Eggs have become my obsession. Chicken eggs, that is, although I'll take what the universe gives me. I am just lovin' 'em. A little while ago I wrote extensively about the topic of breakfast, a topic which I've endured a much-maligned relationship with over the years.
And I found a way to turn the corner.
That's my three-egg omelette in the picture. It includes crimini mushrooms, as you can see, along with some thinly-sliced local garlic and a few grass-fed cheese curds from up the road in Castlegar, BC. It was drool-worthy. I've been practicing. As far as the garlic goes, well, I guess that's one of the perks of betrothal. And working from home.
It kind of got me thinking about breakfast and wine. Naturally, sparklers have long been a favourite. Few things get me in the feels as much as a nice bottle of Cava (or Champagne, if I'm not on a beer budget) and a hot, buttered, golden hunk of toast covered in mackerel. Perhaps with an egg on top. Depending how I feel. It's genuinely food-gasmic. I literally moan.
But what about the omelette? Sure, Champagne goes with absolutely fucking everything. We already know that.
So, let's look at this particular omelette and see what inspiration is drawn.
Methinks we should start with the egg.
While I like to make sure my omelette is *moist* (but not runny) on the inside, there's no denying that an omelette is a more thoroughly cooked form of les oeufs, at least compared to the runny beauty of a couple yolks facing the sun. We're dealing with a more delicate texture. You know what a yolk is like. It's thicck. With two c's. AND a k. It gloms onto your plate and it sticks. It requires a pre-scrub to get it off the plate before you load it into the dishwasher. And that's why I think the bubbles and acid in sparkling wine is such an effective cleanser when it comes to runny eggs.
With the omelette, we have no such problem. We can open up the spectrum a little. And that's exciting. If sunnyside-up is the cap of a ribeye, an omelette is lean sirloin.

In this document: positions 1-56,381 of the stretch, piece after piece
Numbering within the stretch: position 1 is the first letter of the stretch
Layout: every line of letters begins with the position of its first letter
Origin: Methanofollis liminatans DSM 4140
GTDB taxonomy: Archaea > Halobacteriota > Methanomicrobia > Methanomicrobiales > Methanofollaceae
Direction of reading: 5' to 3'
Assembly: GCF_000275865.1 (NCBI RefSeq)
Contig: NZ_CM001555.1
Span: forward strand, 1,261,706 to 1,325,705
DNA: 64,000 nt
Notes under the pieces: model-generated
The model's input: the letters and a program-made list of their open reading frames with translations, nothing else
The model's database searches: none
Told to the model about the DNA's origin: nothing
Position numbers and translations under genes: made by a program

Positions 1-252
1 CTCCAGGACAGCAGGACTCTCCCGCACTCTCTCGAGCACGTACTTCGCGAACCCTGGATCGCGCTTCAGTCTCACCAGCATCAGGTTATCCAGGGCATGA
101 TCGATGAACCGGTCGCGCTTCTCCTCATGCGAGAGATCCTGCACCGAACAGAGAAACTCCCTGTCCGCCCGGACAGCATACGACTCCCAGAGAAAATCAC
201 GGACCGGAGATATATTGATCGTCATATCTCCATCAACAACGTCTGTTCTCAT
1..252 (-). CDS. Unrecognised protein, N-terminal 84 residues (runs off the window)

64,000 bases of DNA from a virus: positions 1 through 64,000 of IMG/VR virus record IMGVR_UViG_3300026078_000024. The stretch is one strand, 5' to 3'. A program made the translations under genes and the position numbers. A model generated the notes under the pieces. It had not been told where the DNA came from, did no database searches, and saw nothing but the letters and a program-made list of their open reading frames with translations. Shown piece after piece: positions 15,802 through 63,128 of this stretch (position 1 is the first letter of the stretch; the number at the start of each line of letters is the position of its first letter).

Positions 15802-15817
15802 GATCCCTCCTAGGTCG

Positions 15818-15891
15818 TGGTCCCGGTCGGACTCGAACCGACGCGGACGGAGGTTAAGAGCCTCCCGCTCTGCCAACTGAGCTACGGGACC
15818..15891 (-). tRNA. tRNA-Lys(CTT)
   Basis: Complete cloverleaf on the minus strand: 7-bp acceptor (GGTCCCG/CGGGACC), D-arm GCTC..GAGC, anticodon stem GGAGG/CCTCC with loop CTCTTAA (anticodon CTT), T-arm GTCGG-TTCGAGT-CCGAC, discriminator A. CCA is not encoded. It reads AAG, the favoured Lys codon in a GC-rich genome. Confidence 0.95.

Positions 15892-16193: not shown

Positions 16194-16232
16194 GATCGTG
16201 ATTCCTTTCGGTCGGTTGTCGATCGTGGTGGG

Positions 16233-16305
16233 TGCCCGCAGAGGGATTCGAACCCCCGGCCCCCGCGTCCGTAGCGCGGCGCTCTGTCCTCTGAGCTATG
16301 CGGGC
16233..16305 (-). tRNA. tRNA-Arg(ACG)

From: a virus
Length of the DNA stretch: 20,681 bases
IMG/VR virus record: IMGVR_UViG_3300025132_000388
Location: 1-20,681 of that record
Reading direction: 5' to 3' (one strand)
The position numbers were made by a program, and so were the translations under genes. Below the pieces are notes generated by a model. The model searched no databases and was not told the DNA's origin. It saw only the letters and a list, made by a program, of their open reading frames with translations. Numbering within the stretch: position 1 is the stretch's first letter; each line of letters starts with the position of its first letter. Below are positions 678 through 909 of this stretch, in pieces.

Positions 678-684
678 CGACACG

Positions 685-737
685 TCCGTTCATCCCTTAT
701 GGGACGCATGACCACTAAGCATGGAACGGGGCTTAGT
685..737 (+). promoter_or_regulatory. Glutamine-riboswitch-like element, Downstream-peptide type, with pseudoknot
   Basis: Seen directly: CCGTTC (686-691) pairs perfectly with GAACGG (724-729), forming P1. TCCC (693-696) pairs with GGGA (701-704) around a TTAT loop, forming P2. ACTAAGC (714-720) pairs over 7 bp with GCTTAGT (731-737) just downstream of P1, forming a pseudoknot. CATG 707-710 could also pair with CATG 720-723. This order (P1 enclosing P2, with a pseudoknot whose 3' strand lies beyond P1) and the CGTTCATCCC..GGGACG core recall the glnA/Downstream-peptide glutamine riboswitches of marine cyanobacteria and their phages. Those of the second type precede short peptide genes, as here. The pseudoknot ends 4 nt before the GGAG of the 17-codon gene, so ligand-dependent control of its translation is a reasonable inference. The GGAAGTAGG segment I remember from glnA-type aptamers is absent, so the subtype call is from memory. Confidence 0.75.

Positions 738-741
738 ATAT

An omelette is protein, but it's still dainty. Light reds, medium-to-full whites. Let's get specific.
Garlic. It's pungent. It's got intensity. We don't want it to crush the flavour of something delicate. I'm saving my Moscato d'Asti for the macaron course. We need something with equal savoury punch to stand up. I like the idea of a salty white. Albariño. Malvazija from the Istrian Peninsula. If you're feeling dirty and you wanna make this for lunch, maybe a nice Txakoli would do ya.
Mushrooms. Well, everyone and their dog (and for good reason) appreciates some Pinot Noir with a mushroom. It makes sense. They carry this delicate complexity that escapes words. So, Pinot. For sure. Nice. Something from Germany might fit the bill. They call it Spätburgunder. You want savoury tones and a delicate profile. Something from a cooler climate. Think Willamette Valley over Carneros. Think 50th parallel rather than 40th parallel. Think Sonoma Coast instead of Russian River. Or scrap it altogether and go with Chiroubles or Chenas or any Beaujolais cru, really, because I'd be talking out of my ass more than I already am if I was to attempt to wax about their subtle or not-so-subtle differences. Also, maybe try a Dolcetto d'Alba. Poulsard. Blaufränkisch. Zweigelt. The less you are able to understand the name of the wine as an English speaker, the better. But don't quote me on that.
Cheese curds. These grass-fed puppies are salty, tangy, and squeaky. And elegantly rich. God, I sound waspy. Rhône whites. Throw some texture at this. Rich whites from further south could be dynamite. I'm thinking of a La Clape AOC white from Chateau d'Anglès. Their grand vin. I had a bunch from 2009 kicking around in 2016 and it was nothing short of dynamite. Grenache Blanc. Bourboulenc. Roussanne. Marsanne. All that shit, together in one. Gahhhd dayum it was good.
I could go on. But I'm thirsty.
And I may just have to make the exact same thing for lunch.